European leaders fail to reach consensus on sending troops to Ukraine

Many European countries on Tuesday ruled out the possibility of sending ground troops to Ukraine.
European leaders fail to reach consensus on sending troops to Ukraine

German Defence Minister Boris Pistorius listens to his Austrian counterpart Klaudia Tanner on his visit in Vienna, Austria, on February 27, 2024.

Many European countries on Tuesday ruled out the possibility of sending ground troops to Ukraine, after Monday's meeting in Paris during which French President Emmanuel Macron suggested that European nations might do so.

"Boots on the ground is not an option for Germany," German Defense Minister Boris Pistorius told a press conference after meeting with his Austrian counterpart Klaudia Tanner in Vienna on Tuesday.

Tanner also called Macron's remarks "a worrying signal."

"It is clear: there will be no ground troops from European countries or NATO (North Atlantic Treaty Organization)," German Chancellor Olaf Scholz said in a tweet on X Tuesday.

Prime ministers of the Visegrad Group (V4) countries also confirmed on Tuesday that they are not planning to send troops to Ukraine.

Czech's Prime Minister Petr Fiala, Poland's Donald Tusk, Slovakia's Robert Fico and Hungary's Viktor Orban made the statement after a V4 leaders meeting in Bratislava.

Despite their agreement on Ukraine's need for help, they are willing to offer assistance in different forms, Fiala said. He said the Czech Republic and Poland are providing military aid to Ukraine, while Hungary and Slovakia are willing to offer humanitarian and financial aid.

Fico and Orban also called for an immediate ceasefire and peace talks to solve the Ukraine crisis.

Britain, Spain and Italy also rejected the idea of sending troops on the ground in Ukraine.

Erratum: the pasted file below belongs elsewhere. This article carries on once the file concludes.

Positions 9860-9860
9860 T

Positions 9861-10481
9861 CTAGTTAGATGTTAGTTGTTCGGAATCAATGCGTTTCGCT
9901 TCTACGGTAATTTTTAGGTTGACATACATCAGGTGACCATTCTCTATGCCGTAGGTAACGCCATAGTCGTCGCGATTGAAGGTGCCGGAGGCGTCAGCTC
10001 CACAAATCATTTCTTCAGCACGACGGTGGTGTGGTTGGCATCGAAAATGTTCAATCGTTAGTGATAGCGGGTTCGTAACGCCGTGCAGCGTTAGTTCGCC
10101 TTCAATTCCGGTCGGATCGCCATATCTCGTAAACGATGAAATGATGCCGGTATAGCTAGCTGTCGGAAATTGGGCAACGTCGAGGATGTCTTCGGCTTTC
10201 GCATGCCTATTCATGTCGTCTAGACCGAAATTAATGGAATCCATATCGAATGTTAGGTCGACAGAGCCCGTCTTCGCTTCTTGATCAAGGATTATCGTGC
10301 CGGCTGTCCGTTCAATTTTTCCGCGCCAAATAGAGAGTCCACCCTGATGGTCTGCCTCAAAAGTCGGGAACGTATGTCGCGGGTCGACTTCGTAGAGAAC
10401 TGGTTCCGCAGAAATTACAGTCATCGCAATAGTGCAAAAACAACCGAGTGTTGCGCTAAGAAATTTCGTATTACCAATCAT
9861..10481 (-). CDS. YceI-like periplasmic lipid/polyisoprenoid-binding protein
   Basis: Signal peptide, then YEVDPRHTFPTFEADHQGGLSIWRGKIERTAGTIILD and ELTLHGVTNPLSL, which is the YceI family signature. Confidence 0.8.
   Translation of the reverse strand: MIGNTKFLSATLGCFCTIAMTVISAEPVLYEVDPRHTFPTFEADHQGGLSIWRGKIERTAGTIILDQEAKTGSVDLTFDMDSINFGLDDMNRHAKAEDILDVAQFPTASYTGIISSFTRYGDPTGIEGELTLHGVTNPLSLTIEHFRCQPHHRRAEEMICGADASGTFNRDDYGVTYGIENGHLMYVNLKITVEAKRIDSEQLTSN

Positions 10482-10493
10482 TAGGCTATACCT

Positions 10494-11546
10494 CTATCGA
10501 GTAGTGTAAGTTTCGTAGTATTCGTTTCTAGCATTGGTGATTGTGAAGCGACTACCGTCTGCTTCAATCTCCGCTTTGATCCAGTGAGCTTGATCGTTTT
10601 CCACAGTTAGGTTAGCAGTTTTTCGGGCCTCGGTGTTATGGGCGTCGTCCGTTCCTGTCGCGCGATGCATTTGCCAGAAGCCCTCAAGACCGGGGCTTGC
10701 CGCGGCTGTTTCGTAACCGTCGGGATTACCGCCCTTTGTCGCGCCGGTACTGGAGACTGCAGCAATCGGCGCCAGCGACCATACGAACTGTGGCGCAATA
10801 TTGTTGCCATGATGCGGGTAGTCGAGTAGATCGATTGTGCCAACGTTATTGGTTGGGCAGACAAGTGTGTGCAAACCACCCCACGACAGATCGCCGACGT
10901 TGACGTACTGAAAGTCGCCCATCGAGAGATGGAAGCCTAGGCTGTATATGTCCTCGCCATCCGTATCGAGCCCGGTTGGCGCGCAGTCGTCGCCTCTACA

Britain has no plans for "a large-scale deployment" of troops to Ukraine beyond a small number of personnel already in Ukraine helping to train the country's forces, a spokesman for Prime Minister Rishi Sunak said on Tuesday.

"The Conference... provided an opportunity to reaffirm Italy's full commitment to supporting Ukraine in its fight to defend its sovereignty and territorial integrity," the Italian government said. "This support does not provide for the presence of troops from European or NATO countries on Ukraine territory."

Two years after the start of the conflict between Russia and Ukraine, around 20 European leaders met on Monday at the Elysee presidential palace in Paris, France, to reaffirm their solidarity and support for Ukraine. The leaders agreed on new initiatives including network defense, and joint production of weapons in Ukraine.

Macron said after the meeting that although no consensus was reached to send ground troops to Ukraine, "nothing can be ruled out."

Ukrainian President Volodymyr Zelensky said on Monday that his country had received only 30 percent of the 1 million shells promised by the European Union last year, while Kyiv troops are struggling on the front lines as they are short of ammunition.

Following Macron's comments, Russia has warned a direct conflict between NATO and Russia would be inevitable, if the alliance sent troops in Ukraine.

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